Conservative leader, David Cameron, told a few anecdotes -- stories -- in Thursday’s TV debate. Politicians are often told, by people like me, that stories are the best way to get their messages across. But Cameron is being pilloried for telling stories.
According to the Leftfootforward blog, Cameron’s claims that Humberside Police had “five different police cars and that they were just about to buy a £73,000 Lexus” have been disputed by the police. The Met has challenged Cameron’s jibes about “form-fillers” as misleading and out of context.
You might want to have a play with the David Cameron anecdote generator. On a more serious note, Max Atkinson has asked whether all three leaders may have told too many anecdotes on Thursday night.
He may have a point. But I think the real issue may be the sorts of stories they told. The Australian consultancy Anecdote have suggested some tests for what makes stories have impact:
- "Clarity—you hear or read the story once and you get it. It's simple, clear and has a good narrative structure (time markers, characters, begin-middle-end).
- Emotional—it gets you in the gut. It doesn't matter what emotion it evokes but impactful stories evoke at least one strong emotion.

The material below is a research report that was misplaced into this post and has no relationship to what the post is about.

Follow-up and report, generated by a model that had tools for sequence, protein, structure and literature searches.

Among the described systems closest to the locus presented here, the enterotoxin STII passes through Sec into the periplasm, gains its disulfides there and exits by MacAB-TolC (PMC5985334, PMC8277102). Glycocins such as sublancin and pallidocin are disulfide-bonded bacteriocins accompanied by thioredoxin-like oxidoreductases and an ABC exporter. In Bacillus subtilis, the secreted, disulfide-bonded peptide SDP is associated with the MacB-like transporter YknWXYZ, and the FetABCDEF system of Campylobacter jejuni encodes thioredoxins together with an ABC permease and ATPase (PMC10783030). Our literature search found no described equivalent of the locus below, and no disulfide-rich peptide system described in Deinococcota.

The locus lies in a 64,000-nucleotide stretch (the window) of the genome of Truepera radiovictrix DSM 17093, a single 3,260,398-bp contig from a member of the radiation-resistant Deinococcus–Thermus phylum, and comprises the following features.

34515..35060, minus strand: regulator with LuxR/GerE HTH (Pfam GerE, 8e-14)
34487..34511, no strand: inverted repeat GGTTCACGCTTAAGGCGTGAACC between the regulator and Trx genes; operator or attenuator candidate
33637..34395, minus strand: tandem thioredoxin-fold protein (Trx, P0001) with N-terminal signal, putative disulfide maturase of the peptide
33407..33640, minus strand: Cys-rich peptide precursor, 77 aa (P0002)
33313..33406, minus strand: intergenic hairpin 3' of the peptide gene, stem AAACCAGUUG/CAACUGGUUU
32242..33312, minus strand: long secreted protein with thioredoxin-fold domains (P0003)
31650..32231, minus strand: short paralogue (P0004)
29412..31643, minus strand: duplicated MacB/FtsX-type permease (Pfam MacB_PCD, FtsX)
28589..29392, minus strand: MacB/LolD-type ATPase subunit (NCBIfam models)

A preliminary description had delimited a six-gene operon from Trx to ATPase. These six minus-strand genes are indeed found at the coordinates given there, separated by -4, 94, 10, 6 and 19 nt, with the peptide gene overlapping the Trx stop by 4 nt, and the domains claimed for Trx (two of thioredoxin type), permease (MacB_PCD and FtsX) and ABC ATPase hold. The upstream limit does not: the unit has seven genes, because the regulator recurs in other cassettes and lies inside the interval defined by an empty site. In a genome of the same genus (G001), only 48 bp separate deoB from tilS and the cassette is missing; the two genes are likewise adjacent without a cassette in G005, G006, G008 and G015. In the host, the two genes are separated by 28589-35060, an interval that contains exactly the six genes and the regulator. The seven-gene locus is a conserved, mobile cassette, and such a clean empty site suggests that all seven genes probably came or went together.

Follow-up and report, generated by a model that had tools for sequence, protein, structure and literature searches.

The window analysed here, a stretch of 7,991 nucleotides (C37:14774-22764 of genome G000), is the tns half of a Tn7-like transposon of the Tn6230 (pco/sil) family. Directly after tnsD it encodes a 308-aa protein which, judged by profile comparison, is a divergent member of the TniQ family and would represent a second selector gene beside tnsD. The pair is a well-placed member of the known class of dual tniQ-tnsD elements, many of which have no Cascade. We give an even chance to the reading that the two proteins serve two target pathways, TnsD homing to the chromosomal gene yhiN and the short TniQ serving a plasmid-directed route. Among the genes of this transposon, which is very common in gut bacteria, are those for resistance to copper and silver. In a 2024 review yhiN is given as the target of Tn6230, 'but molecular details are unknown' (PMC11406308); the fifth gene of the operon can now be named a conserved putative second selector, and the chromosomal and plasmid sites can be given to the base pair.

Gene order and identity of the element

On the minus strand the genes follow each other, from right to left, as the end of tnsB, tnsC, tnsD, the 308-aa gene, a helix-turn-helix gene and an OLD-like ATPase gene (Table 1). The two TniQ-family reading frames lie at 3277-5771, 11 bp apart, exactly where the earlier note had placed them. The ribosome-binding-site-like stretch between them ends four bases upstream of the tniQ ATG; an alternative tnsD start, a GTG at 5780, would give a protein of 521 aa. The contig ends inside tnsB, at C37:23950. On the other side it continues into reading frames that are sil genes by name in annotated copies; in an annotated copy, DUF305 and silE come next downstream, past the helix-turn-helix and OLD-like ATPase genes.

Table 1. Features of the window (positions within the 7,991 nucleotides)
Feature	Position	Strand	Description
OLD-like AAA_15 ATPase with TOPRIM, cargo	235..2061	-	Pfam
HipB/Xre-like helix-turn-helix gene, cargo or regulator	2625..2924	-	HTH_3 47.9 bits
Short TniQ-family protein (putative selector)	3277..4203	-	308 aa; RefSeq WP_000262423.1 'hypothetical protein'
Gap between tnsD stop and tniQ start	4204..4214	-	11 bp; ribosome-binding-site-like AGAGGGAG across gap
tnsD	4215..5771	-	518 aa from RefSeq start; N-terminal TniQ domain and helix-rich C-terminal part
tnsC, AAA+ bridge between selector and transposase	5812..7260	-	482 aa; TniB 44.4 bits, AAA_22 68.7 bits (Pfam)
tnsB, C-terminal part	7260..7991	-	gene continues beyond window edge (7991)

- Believable—it doesn't sound like bullshit. Facts and figures help but not too many. Details help with real people's names and specific dates and times.
- Transport—it transports you to relive the experience. You can see, hear, touch, smell and taste the experience.
- Surprising—it throws you a curve ball that you weren't expecting.
- Relevant—does it talk to the topic under investigation."
Cameron told an anecdote about meeting a “40-year-old black man” who had served in the Navy “for 30 years” and agreed that immigration was “out of control”. This may have been surprising but it wasn’t believable. The man’s age and experience, as recounted by the Tory leader, didn’t add up. Even more importantly, the accuracy of the story, like the police Lexus and the form fillers, has been called into question. The man in question has now disputed Cameron’s account and said that “Britain needs immigrants”.
I for one didn’t get the relevance of the Lexus story at the time and it evoked no particular emotional response.
Of the Anecdote tests, “emotional” and “relevant” seem the most important in political debates. When a politician uses an anecdote, it should help to express their overall narrative about what has gone wrong (and right) and their vision of the future. The anecdote should illustrate or set up a specific solution, a way forward that fits into the politician or party’s overall image. This is a political version of what Stephen Denning calls a springboard story. Cameron kept failing to provide clear solutions, even with his “my mother was a magistrate in Newbury” anecdote.
Nick Clegg told at least one good political springboard story with his anecdote about how restorative justice has been used successfully in Sheffield, where he has his own constituency. He explained how a Liberal Democrat solution has been tried somewhere and used stats to show that it has worked. And it tied into his big narrative, this time about how the other parties keep talking tough on crime and keep failing to deliver.
One more reason that he triumphed.